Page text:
Bharat Heavy Electricals Limited (BHEL) has won a significant chunk of FGD orders so far. As of August 2019, the company had secured 23,000 MW of orders for FGD and emission control equipment. In addition, BHEL is in L1 position for about 19 GW of capacity that is in the bidding pipeline. Tenders for another 30 GW are expected to be floated in 2019.

As per the ESP upgradation plan prepared by the CEA, 220 thermal power units of 63,425 MW capacity are to be covered between 2018 and 2022.

NOx control

As per a study by the Centre for Science and Environment, of the 197 GW of installed coal capacity in the country, about 187 GW has to meet the NOx emission norms of either 600 mg per Nm3 or 300 mg per Nm3, based on the plant commissioning dates. These plants do not have to implement secondary methods for NOx emission control as compliance with the norms can be achieved through primary methods. Meanwhile, about 10 GW of capacity, or 5 per cent of the total coal-based capacity, has to meet the 100 mg per Nm3 standard. These projects will need to opt for secondary methods of NOx control such as selective catalytic reduction (SCR) and selective non-catalytic reduction (SNCR).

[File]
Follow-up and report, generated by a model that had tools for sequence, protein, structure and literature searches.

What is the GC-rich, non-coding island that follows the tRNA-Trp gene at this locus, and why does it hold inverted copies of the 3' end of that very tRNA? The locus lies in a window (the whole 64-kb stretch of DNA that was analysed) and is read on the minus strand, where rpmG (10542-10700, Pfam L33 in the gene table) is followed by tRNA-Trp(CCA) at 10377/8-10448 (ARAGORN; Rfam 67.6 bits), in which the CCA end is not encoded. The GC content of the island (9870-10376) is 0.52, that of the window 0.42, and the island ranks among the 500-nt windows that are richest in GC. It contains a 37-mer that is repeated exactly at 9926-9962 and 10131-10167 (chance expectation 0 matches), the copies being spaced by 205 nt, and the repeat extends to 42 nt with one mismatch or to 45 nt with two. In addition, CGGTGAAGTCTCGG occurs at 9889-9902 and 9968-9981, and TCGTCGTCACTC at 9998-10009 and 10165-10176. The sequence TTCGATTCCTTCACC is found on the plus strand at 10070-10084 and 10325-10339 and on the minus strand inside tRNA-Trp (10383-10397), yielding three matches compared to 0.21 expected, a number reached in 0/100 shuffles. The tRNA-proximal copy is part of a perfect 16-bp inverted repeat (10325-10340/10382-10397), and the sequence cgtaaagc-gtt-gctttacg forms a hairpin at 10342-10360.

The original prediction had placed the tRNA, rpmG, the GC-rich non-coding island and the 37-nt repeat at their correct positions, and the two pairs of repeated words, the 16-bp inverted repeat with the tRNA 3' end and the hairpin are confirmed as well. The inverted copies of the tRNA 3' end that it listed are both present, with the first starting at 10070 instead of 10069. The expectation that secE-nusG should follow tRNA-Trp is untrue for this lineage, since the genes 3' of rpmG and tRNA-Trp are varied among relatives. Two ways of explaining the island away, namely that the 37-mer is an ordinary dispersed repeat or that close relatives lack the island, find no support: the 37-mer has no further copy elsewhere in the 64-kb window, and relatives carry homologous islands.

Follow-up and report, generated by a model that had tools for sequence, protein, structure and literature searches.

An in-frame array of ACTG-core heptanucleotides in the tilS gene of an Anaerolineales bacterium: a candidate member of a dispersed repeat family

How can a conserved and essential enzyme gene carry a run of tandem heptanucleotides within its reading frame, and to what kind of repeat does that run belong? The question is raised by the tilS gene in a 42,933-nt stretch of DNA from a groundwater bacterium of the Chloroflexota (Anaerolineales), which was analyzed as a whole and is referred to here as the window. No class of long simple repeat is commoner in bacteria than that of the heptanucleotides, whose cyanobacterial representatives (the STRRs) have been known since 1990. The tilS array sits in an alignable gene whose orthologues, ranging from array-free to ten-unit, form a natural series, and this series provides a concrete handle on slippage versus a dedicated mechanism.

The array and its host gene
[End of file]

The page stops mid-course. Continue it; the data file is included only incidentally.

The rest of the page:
Many TPPs have started installing primary control systems for NOx reduction and around 50 per cent of the power plants already comply with the relevant NOx norms (300 mg per Nm3 or 600 mg per Nm3).

In April 2019, NTPC Limited awarded a Rs 1.42 billion contract to GE for the supply and installation of low-NOx combustion systems for 10 GW of TPP capacity across the country. This is the first large-scale project that NTPC has awarded for installing low-NOx combustion technology at its TPP fleet. The company has seven SCR and two SNCR pilot tests under execution by seven vendors. It is also implementing combustion tuning in thermal power units installed before December 2003. The outcome of the NTPC studies on SCR and SNCR systems is expected to pave the way for the implementation of post-combustion de NOx systems in the country.

In a key development, the MOEF&CC has, in-principle, agreed to change the NOx norms for TPPs installed between January 1, 2004 and December 31, 2016 from 300 mg per Nm3 to 450 mg per Nm3. Further, revision of NOx norms for TPPs installed after January 1, 2017 is under consideration by the environment ministry.

Challenges

Developers are facing many challenges in the implementation of SOx norms. Limited availability of SOx control equipment vendors and the lack of skilled manpower for the implementation of these systems is a key challenge. Further, time constraint is another issue as the installation of an FGD system in a thermal power unit takes about three years from the date of order placement followed by the shutdown of the unit for two to six months depending upon the technology adopted by the TPPs. A minimum time of about six months is required for bidding and finalisation of a tender. In addition, obtaining and transporting limestone to the TPP site is  a problem.